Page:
There’s an old American adage – “never bring a knife to a gun fight.” Google proved this to be radically true after the substantial phishing attacks that cause so much damage to consumers in recent months. The scams targeted Google Drive users who opened apparently attached documents from friends, only to find that they had been caught in a phishing scam. Google has recently stepped up their game by issuing new controls for plug-ins and third party apps.
Plug-ins are necessary components for games and other functions for social and business apps. Since they’re embedded in so many places, it’s tough making users slow down and read rather than simply granting access. Google is creating a system whereby users would have to validate plug-ins and third party apps before they are approved. The method Google is employing is a validation screen that will pop up anytime an unverified app is loaded. Users will have to type out the word ‘continue’ in order to proceed.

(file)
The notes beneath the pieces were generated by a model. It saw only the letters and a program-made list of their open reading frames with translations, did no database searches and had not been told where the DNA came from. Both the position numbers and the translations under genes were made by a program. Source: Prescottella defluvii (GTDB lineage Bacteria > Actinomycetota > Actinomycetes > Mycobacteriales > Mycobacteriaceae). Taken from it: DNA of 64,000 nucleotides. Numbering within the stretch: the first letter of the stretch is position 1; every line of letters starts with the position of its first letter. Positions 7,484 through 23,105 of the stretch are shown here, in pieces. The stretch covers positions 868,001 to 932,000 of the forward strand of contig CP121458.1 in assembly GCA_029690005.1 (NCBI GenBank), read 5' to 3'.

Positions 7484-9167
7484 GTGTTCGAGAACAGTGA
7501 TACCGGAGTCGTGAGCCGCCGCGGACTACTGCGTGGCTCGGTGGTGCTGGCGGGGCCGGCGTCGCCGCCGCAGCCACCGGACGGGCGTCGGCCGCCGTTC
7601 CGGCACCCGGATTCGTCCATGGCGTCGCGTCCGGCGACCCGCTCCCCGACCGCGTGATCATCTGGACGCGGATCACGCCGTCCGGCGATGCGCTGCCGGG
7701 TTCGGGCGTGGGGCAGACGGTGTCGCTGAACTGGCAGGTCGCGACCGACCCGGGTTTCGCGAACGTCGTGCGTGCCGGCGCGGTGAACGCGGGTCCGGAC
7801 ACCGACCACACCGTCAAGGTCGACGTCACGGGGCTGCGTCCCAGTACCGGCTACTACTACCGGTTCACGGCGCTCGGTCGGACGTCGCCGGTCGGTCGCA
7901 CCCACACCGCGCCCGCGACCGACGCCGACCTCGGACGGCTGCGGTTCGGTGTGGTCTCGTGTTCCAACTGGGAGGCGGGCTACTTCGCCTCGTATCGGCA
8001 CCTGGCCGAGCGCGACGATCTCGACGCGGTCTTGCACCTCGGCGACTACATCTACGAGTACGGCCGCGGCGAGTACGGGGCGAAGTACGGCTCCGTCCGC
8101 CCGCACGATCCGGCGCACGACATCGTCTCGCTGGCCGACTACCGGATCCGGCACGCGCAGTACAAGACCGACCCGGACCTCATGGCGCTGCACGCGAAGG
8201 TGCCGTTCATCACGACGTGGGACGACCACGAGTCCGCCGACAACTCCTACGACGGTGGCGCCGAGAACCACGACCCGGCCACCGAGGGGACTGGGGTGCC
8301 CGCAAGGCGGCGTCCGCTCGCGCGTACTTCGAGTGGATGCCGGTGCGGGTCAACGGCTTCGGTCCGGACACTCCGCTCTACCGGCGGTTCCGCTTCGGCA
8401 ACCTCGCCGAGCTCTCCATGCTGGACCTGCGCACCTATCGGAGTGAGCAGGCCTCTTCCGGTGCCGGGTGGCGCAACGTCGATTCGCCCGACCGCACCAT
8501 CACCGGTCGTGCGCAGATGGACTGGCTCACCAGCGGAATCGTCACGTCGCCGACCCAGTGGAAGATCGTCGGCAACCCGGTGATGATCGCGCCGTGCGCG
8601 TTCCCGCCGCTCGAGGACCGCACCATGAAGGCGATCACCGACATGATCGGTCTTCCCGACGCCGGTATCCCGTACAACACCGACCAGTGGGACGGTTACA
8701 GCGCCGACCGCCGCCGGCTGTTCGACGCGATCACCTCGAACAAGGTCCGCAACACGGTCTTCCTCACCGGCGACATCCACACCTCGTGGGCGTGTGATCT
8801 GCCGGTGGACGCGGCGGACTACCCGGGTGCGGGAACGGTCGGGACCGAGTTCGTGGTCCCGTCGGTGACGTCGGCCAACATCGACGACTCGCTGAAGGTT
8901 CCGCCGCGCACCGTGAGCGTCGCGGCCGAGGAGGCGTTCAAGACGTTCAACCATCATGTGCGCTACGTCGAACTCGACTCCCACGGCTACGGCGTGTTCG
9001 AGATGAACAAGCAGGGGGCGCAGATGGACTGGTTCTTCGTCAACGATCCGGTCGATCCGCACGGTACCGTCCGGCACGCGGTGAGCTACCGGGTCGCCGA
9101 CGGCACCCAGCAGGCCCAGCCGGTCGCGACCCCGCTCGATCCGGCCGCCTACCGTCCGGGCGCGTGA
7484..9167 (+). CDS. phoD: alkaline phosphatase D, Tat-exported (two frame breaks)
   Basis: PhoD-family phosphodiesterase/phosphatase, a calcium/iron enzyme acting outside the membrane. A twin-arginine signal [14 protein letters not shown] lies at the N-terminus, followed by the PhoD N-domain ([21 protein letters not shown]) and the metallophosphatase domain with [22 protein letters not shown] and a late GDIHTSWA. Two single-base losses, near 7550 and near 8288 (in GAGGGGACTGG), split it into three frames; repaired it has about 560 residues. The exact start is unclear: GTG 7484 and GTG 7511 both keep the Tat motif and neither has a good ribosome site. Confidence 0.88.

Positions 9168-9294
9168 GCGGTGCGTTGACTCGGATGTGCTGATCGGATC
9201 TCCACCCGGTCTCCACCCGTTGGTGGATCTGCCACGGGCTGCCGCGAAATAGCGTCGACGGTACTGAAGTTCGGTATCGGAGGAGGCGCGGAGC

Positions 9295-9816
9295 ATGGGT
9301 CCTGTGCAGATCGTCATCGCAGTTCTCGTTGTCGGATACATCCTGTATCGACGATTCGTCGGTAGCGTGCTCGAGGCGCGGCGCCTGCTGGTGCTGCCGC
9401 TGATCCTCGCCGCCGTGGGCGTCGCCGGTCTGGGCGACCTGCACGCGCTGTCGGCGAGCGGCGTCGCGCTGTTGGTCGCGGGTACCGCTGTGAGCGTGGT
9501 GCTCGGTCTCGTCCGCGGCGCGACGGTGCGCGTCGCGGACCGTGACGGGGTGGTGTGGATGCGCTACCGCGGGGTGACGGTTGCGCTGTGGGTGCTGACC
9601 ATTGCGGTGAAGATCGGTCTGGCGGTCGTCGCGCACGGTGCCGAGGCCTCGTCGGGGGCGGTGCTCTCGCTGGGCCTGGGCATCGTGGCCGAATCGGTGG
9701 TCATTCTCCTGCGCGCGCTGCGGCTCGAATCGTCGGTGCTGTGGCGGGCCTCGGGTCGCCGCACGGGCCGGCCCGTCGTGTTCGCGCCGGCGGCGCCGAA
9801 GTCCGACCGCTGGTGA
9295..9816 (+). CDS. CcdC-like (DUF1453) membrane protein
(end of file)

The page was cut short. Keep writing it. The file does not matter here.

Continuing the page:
Google’s AI Attempts
While this isn’t the first attempt to stop phishing by Google, it does include some additional measures like machine learning in order to bolster the protection Google offers. The new system would provide scans of incoming invitations to collaborate in order to potentially add a secondary layer of protection for user.
The company certainly can’t sit still, as the potential for phishing attacks is on the rise. The recent Drive phishing attacks are only one of the many potential threats. Phishing has been on the rise, and the potential for other threats is constant. Loopholes where phishing can get in seem to proliferate. Plug-ins have become the favorite vehicle for phishing attacks, and the company must continue to provide layers of protection and warning to consumers. In fact, the company is planning on including verifications for all the rest of its apps in the months to come.
Phishing for the Big One
While phishing has come to mean notes in your inbox about Nigerian princes, the reality is that individual users are now facing complex and coordinated phishing attacks with very convincing UI’s. Consumers can’t simply rely on Google to screen and protect every point of access. They need to verify apps personally, and should be careful to manage their content and app loading better. A single slip could cost consumers big, as impostors seek to manipulate markets both inside and out.